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Op-ed views and opinions expressed are solely those of the author.
Is addiction a progressive, incurable brain disease or is it a habit? Is substance use always voluntary or is there a line heavy substance users cross where they are no longer able to stop? While the brain disease theory of addiction has never been supported by research, all treatment programs in our country are based on it; billions of dollars are spent to fight it; laws have been enacted in an effort to protect people from it; and schools have special programs educating children to try to keep them safe from getting it. Yet, based on the ever increasing numbers of heavy users and accidental overdoses, the problem is clearly getting worse.
More than twenty years ago (1997), the head of the National Institute on Drug Abuse (NIDA), Alan Leshner, declared addiction a brain disease in a seminal paper and statement titled “Addiction is a brain disease, and it matters.” It was quickly picked up and celebrated by the media, and has dominated the discourse on addiction ever since. Unfortunately, the scientific substance to support the paper was entirely lacking.
Leshner made a case for the brain disease using the following: 1. Calling addiction a disease is the more compassionate, enlightened view so he argued it would decrease stigma and open the door for more people to seek help; and 2. A lot of neuroscience jargon, such as talk about the midbrain, prefrontal cortex, mesolimbic reward system, neurotransmitters, metabolic activity, and more. With all the fancy language used by researchers he cited, their arguments are incomplete, rest on a number of shaky premises, and defy well-established facts from other branches of science, such as epidemiology and behavioral research.
In spite of the lack of actual scientific evidence in his paper funding for addiction research and addiction treatment exploded, and treatment based on the brain disease model became the only mode of help available. Since 1997 funding for addiction treatment has risen to an astounding $36B from $9B. While more people than ever before are getting addiction treatment, relapse rates are estimated to be as high as 80% within the first month of leaving a treatment program, and increase as a function of time post treatment. You would think that with this enlightened view of addiction the death rates would be decreasing, but the opposite is true. According to the CDC drug overdose deaths have risen precipitously since 1999.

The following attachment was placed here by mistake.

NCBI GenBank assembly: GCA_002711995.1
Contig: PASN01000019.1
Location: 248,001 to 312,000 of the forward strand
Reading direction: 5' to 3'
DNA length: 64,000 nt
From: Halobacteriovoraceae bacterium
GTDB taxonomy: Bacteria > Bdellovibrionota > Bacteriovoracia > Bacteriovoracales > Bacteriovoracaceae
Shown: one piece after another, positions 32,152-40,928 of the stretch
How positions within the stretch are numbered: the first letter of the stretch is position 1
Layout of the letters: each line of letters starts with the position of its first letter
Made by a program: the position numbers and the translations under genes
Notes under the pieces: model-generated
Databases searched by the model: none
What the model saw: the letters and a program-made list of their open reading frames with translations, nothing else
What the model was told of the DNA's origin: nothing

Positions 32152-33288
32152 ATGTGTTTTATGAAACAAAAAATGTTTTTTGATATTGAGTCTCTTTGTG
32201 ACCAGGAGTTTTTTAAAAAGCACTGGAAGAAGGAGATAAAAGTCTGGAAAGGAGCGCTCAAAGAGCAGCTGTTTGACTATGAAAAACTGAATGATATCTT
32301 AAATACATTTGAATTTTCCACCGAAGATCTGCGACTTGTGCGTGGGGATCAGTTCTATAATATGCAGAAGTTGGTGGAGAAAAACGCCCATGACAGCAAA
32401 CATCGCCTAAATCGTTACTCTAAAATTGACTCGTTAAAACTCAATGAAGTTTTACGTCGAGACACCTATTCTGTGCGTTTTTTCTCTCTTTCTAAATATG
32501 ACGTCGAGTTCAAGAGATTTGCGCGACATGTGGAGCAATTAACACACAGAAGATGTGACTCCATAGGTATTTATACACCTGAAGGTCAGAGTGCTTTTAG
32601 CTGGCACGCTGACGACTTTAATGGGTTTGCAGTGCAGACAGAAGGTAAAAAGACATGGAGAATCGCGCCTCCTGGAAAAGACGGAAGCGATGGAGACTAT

Hedegard, H., M. D., Minino, A., M. P. H., & Warner, M., Ph. D. (2018, November). Products – Data Briefs – Number 329 – November 2018. CDC.Gov National Center for Health Statistics.
During 2018, nearly 70,000 people died in the US due to drug overdose, and that number is expected to rise significantly in 2020 in part due to the pandemic lockdowns around the country.
So why isn’t treatment working? Perhaps it’s because addiction isn’t actually disease at all. Addiction is a habitual behavior, and based on the research substance use is always voluntary. And when you think about it, you know this to be true because 1 in 4 people have fit the criteria for substance use disorder (SUD) at some point in their lives, and the vast majority get over it without treatment. Statistically speaking, if that person isn’t you, you likely know someone who has stopped an addiction.
The idea that drinking a beer, doing a line of cocaine, shooting up heroin, taking a pill, or smoking a cigarette is done involuntarily is completely illogical. People don’t get addicted to doing things they don’t like or want to do, and no one takes a drink or drug without wanting to do it. If it was truly involuntary, then anyone who ever became addicted, would never stop using, for any reason. They wouldn’t be able to, but all people stop at some point for their own reasons.
The key to helping people to solve an addiction is not to try to force them to stop through fear-mongering, lies, and ultimatums, which is the American addiction treatment model. The way to help people is to first acknowledge that they are not sick and powerless, but have developed a habit based on a strong preference for the substance and the activity of using it. People develop heavy substance use habits because they believe they need their preferred substance to achieve a level of happiness in life they don’t believe they can get anywhere else. Once they realize they are not powerless victims, they learn to move past their addictions like millions have before them.
- Addiction, a disease or habit? What does the research say SAY? - August 18, 2020